Getting people talking about science - University of Kent
Isamu Amir, a first year doctoral student in the Department of Human System Science in the Graduate School of Decision Science and Technology at Tokyo Institute of Technology, talks about his time on the MSc taught course "Science, Communication and Society" at the University of Kent in Canterbury, U.K.
While studying in Kent I have gained fundamental knowledge and skills in science communication - a subject that many readers may not even have heard of before. The basic concept is "to familiarise science to the public and society", however the subject is challenging and multidisciplinary in nature. During our studies we consider many different perspectives, in order to nurture the ideas and practical approaches that we can use in our science communication. For example, this semester we are carrying out a new project called "Science on the buses" - a poster campaign designed to encourage bus passengers in science topics. This involves a lot of discussion and preparation, and it seems very interesting to me that such dialogues are taking place.
One of the major differences between a Japanese and British postgraduate school is that there are many mature students, who work in jobs as well as attending the daytime classes once or twice a week. The modules, which earn 30 course credits each, are well-organised for such students. There are two mature students in my course: one is a science teacher in secondary schools and the other is a mother who has five children. It is interesting for us to hear their opinions as well as those of younger students.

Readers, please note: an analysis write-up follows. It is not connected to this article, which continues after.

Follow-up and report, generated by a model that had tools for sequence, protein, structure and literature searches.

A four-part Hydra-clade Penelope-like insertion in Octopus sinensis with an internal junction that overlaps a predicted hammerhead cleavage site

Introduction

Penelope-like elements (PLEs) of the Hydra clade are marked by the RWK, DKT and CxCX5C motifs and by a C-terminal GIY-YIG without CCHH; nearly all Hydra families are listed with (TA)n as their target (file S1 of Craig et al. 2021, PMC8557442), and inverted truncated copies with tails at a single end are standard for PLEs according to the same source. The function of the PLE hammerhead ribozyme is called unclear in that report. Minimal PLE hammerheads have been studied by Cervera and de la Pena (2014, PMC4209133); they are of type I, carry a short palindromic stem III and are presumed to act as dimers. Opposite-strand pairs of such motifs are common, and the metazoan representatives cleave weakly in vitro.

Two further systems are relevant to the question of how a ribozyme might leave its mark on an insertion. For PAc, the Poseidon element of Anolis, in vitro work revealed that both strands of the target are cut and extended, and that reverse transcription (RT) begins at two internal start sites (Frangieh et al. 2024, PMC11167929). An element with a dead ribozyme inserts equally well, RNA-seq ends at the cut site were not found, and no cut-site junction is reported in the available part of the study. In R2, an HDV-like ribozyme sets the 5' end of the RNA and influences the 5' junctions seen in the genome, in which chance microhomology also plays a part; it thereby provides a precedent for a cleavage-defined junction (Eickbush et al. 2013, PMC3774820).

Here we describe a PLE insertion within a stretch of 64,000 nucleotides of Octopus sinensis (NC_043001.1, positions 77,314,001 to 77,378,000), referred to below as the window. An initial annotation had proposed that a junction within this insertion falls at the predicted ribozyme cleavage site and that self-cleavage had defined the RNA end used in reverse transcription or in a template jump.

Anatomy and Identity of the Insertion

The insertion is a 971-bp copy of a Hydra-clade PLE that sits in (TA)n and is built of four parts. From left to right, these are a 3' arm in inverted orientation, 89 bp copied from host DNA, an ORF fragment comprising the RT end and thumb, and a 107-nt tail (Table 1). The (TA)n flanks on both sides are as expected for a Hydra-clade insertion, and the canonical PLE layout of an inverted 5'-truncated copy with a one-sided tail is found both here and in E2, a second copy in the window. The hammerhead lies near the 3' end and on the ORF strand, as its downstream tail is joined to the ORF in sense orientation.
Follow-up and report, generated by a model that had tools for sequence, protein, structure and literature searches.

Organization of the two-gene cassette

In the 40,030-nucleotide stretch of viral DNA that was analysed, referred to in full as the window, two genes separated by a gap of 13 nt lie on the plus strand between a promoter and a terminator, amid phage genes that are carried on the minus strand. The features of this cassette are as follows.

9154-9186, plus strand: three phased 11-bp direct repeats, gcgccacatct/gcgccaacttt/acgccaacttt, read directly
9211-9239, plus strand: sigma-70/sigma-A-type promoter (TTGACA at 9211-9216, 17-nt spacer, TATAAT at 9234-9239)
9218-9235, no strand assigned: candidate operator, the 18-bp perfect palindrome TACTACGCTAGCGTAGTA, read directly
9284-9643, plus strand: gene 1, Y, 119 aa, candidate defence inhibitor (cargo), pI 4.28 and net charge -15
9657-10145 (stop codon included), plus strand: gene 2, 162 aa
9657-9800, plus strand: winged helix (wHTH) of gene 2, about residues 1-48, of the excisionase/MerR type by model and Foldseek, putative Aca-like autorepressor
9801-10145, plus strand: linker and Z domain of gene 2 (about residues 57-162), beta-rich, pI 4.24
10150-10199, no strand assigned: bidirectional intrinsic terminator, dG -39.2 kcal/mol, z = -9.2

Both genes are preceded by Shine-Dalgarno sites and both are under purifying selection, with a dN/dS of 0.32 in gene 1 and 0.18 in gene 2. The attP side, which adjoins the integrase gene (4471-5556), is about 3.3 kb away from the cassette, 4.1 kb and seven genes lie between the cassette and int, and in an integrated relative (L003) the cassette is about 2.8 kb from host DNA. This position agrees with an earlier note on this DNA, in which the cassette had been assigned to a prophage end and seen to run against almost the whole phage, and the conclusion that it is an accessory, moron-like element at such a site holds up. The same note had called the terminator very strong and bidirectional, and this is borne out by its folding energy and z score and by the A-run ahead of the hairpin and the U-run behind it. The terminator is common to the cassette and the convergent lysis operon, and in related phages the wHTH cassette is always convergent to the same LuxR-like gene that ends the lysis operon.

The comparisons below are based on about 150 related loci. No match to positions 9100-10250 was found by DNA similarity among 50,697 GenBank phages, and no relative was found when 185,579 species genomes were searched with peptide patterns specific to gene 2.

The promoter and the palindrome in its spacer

Another obvious difference is that the lecturers always ask us our ideas and viewpoints during modules. There are many opportunities for students to articulate their opinions either by expressing them in short presentations by individuals or in the form of group activities. I think this is very important in helping us to understand the various topics, and we can find more profound meanings through the processes of reading, analysis and discussion. What's more, the discourse makes us aware of the viewpoints of others. I have rarely seen such activities in Japan.
I faced some culture shocks during my first month of living in England. Upon looking more closely and carefully, I have found that different cultural backgrounds underlie people's behaviour. The different traditions and personalities give me new perspectives, enriching my thoughts and broadening my horizons. It has certainly been worthwhile and I would thoroughly recommend to other students that they should grab the chance to study abroad - they won't regret it.
Tokyo Institute of Technology Bulletin No. 21 (March, 2011)